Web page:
Five Fun Facts about Spanish In the United States
Rosario Traducciones travels north to find out more about the Spanish spoken in the United States.
Since mid-2019, Rosario Traducciones y Servicios SA has been touring the Americas in their monthly Installment of #ElEspañolEnElMundo, to explore the peculiarities of the various Spanish-speaking countries. This month we visit North America, where we have discovered some fun facts about Spanish in the United States.
1) More than 40 million Spanish speakers
Almost 59 million people living in the United States are Latinos: that is 18% of the nearly 325 million total inhabitants.
2) The Second Most Spoken Language
While most Americans speak English, the United States does not have an official language. Neither the Constitution nor any other government document declares that there is one language that prevails over others. After English, Spanish is the most spoken language, according to the United States Census Bureau.
Spanish is followed by Chinese, French, German, Tagalog (the Philippines' official language), and Vietnamese
3) The First European Language
The first European explorer to reach what is now the United States was Juan Ponce de León in 1513. The Spaniards, with their Spanish, were the first colonizers. English settlers arrived in the United States in the early 17th century, almost a century after the Spaniards, and founded a settlement in Jamestown. However, it wasn't until the 19th century that the English language became widely spoken. Before the Europeans settled in North America, many languages were spoken. They continued to be spoken for at least two more centuries, to later become extinct. In some parts of the country, mainly on certain Native American reservations, they continue to be spoken, with many fluent speakers.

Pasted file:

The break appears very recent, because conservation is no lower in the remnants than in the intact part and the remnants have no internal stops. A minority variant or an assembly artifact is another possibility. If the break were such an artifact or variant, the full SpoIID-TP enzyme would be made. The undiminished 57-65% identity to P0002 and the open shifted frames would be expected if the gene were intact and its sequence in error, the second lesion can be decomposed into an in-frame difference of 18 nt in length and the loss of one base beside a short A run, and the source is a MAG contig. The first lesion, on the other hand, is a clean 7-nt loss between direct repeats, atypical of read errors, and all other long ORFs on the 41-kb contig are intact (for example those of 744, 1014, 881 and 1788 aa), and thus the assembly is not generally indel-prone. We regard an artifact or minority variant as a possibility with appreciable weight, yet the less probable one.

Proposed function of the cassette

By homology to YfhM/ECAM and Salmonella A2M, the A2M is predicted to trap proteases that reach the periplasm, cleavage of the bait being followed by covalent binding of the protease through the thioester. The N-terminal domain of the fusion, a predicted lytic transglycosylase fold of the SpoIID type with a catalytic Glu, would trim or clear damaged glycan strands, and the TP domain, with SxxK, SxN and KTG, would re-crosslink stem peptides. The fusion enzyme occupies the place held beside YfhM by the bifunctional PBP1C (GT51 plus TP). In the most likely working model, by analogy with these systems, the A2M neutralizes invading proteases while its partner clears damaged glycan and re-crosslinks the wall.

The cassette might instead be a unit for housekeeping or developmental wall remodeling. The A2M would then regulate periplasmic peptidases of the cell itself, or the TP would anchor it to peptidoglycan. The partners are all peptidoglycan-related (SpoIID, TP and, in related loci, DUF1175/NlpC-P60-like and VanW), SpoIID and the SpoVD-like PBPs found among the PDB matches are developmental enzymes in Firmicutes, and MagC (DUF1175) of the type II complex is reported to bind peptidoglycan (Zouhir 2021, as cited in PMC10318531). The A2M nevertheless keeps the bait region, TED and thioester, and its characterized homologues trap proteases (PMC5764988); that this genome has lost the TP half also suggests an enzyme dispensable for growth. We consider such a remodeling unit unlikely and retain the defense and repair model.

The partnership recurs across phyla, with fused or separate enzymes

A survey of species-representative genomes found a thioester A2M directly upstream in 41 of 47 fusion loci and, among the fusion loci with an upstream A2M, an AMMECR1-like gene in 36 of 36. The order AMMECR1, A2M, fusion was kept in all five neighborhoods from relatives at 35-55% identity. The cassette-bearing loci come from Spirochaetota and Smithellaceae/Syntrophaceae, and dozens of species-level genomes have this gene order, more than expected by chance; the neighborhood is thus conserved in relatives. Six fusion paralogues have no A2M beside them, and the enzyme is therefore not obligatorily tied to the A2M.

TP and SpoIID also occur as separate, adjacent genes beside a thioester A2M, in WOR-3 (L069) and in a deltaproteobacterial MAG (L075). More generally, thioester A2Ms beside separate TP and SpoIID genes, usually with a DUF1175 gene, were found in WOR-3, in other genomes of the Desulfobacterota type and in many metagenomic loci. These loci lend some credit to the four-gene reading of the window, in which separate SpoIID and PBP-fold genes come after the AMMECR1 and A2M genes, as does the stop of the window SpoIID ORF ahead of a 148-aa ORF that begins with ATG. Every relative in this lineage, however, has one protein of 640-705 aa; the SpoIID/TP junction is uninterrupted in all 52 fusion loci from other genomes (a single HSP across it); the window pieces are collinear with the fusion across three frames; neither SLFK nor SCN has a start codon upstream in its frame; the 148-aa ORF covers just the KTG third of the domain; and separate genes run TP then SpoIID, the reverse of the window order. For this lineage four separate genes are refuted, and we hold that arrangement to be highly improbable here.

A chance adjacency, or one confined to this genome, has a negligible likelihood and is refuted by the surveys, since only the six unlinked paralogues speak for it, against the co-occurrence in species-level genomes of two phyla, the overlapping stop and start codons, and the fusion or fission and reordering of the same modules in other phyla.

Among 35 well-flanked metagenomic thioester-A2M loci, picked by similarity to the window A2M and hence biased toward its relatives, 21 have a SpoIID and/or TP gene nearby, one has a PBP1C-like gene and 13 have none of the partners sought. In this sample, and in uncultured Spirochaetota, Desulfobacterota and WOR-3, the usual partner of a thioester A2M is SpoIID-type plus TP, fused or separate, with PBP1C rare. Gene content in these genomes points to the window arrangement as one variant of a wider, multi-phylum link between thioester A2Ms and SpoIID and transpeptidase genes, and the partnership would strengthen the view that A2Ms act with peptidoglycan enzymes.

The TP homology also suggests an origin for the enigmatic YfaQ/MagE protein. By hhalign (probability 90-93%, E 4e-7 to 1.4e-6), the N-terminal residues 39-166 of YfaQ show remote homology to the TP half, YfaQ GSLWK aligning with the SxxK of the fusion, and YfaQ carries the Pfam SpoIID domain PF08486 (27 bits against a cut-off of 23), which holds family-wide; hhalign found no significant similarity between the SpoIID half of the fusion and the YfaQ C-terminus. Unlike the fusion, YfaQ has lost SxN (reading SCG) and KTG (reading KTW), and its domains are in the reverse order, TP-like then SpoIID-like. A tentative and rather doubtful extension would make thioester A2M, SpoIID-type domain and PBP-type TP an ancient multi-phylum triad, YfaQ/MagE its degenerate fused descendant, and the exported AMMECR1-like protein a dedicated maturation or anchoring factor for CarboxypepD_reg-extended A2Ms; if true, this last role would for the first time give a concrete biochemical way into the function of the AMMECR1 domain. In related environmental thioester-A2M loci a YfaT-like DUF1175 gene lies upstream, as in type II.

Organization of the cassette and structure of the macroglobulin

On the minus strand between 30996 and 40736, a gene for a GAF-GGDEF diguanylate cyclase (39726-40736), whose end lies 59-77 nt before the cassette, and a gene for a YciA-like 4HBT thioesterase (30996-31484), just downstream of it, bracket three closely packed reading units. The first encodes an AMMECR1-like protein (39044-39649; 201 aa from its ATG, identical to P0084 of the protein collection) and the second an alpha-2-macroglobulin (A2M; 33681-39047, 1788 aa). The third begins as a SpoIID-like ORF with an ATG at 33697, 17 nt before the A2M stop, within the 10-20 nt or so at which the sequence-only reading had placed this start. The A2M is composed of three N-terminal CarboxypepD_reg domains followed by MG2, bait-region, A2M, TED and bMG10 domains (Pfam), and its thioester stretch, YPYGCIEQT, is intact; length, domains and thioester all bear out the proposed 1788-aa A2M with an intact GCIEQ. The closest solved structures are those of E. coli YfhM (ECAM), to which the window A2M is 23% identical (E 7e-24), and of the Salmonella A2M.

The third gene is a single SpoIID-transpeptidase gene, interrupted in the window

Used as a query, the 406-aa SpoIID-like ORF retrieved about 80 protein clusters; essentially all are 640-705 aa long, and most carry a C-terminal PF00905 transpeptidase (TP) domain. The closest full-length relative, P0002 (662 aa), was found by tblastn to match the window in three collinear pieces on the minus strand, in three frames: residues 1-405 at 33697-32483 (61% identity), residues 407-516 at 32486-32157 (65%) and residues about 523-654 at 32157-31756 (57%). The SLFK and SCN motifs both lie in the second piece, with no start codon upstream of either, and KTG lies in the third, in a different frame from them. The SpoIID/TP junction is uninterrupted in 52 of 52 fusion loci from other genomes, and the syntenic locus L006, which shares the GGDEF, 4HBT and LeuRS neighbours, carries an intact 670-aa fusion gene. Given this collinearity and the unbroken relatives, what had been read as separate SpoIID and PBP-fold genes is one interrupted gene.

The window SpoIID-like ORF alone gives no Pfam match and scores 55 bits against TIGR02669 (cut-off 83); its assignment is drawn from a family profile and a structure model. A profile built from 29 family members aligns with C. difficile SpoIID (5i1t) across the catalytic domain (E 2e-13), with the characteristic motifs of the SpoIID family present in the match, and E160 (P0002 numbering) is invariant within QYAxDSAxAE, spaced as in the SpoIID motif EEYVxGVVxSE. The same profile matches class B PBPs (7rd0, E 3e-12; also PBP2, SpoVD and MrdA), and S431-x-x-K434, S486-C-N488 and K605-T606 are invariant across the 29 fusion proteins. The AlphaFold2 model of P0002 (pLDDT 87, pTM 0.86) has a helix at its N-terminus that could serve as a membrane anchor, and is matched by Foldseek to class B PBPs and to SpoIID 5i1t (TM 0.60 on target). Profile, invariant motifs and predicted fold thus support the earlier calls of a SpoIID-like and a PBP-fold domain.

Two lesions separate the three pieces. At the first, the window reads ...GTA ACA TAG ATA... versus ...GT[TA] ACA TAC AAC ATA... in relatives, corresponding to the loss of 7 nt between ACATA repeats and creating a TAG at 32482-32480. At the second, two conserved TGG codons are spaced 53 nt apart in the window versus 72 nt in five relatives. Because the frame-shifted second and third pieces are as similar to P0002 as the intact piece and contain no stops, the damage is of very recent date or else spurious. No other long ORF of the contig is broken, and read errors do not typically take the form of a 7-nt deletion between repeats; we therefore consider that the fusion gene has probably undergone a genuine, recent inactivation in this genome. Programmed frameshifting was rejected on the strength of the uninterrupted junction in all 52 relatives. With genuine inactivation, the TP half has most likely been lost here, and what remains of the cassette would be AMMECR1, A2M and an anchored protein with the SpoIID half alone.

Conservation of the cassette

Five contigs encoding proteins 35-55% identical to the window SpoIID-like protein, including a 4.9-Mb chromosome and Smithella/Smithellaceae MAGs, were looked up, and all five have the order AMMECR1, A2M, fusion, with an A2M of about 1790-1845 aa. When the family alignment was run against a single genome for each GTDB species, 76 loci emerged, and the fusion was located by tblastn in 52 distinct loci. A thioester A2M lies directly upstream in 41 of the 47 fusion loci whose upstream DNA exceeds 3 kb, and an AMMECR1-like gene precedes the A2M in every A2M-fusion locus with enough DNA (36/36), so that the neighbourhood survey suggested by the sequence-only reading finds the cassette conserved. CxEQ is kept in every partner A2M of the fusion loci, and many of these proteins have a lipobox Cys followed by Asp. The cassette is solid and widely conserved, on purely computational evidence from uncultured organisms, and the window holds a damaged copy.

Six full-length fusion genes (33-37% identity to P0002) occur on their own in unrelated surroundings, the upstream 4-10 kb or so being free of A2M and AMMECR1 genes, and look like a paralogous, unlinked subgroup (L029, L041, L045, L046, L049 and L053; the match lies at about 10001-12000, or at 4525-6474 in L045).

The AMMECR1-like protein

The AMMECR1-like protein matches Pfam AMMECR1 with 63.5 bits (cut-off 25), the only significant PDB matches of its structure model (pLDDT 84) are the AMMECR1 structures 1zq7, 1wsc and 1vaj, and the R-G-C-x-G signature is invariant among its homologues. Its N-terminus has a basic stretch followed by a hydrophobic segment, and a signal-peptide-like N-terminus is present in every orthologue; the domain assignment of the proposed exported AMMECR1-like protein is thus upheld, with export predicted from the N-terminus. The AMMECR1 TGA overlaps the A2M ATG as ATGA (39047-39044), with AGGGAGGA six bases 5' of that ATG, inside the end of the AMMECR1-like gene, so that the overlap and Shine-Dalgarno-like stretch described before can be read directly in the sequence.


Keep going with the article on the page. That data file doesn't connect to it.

According to the 2000 census and other linguistic surveys, the most widely spoken Native American language in the United States is Navajo (Navaho). Other widely spoken indigenous languages include Cherokee and Choctaw.
4) The Second Country with the Most Spanish Speakers
Instituto Cervantes—a Spanish public institution created in 1991 to further the teaching of Spanish and Spain's vernacular languages—estimates that by 2060, the United States will be the second-largest Spanish-speaking country in the world, followed by Mexico. Moreover, the US Census Bureau expects there will be 119 million Hispanics living in the United States by 2060. This means that 28.6% of the US population, almost one in three US residents, will be Hispanic.
5) Spanglish: a Popular Form of Communication
Spanglish—also known as the Spanish of the United States—is the morphosyntactic and semantic fusion of English and Spanish, widely spoken among Hispanics residing in the USA. Spanglish speakers borrow specific terminology, grammatical structures, and phonetic resources and adapt them to meet their communication needs.
Please note that its usage is colloquial, for casual communication, not for formal or official uses.